Attaining Communicative Competency in Pharmacy Practice: A Retrospective Analysis of the Construction of a Communication Course for International Pharmacy Graduates

Tim Mickleborough, Colette Peters


The ability to communicate effectively is an essential skill required by licensed pharmacists and it plays an integral role in meeting standards of practice. Acquiring the communication skills needed to successfully complete these standards of practice can be particularly challenging for International Pharmacy Graduates, or IPGs, many of whom are second language learners. This paper retrospectively analyses the construction of a communication course for IPGs, viewed through the theories of Lev Vygotsky and Donald Schön, which assists the IPGs in developing their communication skills for the Canadian context and applying them in increasingly independent ways. Course satisfaction surveys from two IPG cohorts were reviewed for qualitative feedback that would discuss the students’ appreciation for the course design in relation to their learning. In general, students appreciated the learning supports in the first half of the course, but had more difficulty with the second half of the course that was designed to create a level of ambiguity that mimicked real life pharmacy practice. The authors felt more research is needed in this area of instruction design; however, this unique course design could have future implications for teaching communicative competency for international health care professionals.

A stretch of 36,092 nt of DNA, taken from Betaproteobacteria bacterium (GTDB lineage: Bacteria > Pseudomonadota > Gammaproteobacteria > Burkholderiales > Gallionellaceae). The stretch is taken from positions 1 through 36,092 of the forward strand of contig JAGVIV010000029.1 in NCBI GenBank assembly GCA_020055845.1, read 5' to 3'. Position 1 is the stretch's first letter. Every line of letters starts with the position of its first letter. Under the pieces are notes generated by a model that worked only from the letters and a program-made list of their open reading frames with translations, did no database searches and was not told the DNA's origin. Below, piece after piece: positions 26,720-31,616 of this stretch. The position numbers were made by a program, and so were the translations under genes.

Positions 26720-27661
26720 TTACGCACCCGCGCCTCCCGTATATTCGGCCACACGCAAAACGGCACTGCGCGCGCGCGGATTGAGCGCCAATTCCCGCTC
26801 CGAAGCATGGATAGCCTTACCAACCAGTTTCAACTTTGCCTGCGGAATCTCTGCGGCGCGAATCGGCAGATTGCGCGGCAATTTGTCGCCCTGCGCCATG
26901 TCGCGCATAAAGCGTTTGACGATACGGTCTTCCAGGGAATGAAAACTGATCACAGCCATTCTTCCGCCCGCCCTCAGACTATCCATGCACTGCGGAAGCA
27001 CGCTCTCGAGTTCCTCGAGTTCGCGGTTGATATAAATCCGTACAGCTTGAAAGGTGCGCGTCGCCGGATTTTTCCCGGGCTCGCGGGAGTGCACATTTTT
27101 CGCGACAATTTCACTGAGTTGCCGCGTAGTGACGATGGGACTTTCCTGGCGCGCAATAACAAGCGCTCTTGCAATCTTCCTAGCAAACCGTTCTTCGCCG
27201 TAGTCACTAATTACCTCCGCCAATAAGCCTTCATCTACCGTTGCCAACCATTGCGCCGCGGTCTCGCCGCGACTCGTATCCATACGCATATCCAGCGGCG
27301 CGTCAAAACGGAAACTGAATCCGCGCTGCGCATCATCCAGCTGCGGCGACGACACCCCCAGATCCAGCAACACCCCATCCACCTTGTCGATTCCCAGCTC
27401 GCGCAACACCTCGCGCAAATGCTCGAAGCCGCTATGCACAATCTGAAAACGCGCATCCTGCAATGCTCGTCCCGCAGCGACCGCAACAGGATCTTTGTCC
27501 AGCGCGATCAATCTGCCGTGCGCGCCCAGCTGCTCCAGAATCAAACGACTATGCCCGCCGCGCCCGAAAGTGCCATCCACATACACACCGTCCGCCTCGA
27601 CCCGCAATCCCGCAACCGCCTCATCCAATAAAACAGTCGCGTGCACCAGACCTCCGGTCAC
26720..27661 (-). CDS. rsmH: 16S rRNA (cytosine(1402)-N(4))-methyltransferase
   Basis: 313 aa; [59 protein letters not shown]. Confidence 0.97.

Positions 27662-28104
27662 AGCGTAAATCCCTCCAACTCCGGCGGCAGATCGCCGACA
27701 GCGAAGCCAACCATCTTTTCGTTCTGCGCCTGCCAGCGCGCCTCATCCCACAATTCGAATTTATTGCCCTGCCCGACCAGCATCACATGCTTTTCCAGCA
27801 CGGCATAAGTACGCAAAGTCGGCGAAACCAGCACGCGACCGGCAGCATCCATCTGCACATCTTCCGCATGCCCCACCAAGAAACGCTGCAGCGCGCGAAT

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Copyright (c) 2015 Tim Mickleborough, Colette Peters

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This work is licensed under a Creative Commons Attribution 4.0 International License.

Journal of Education and Training      ISSN 2330-9709

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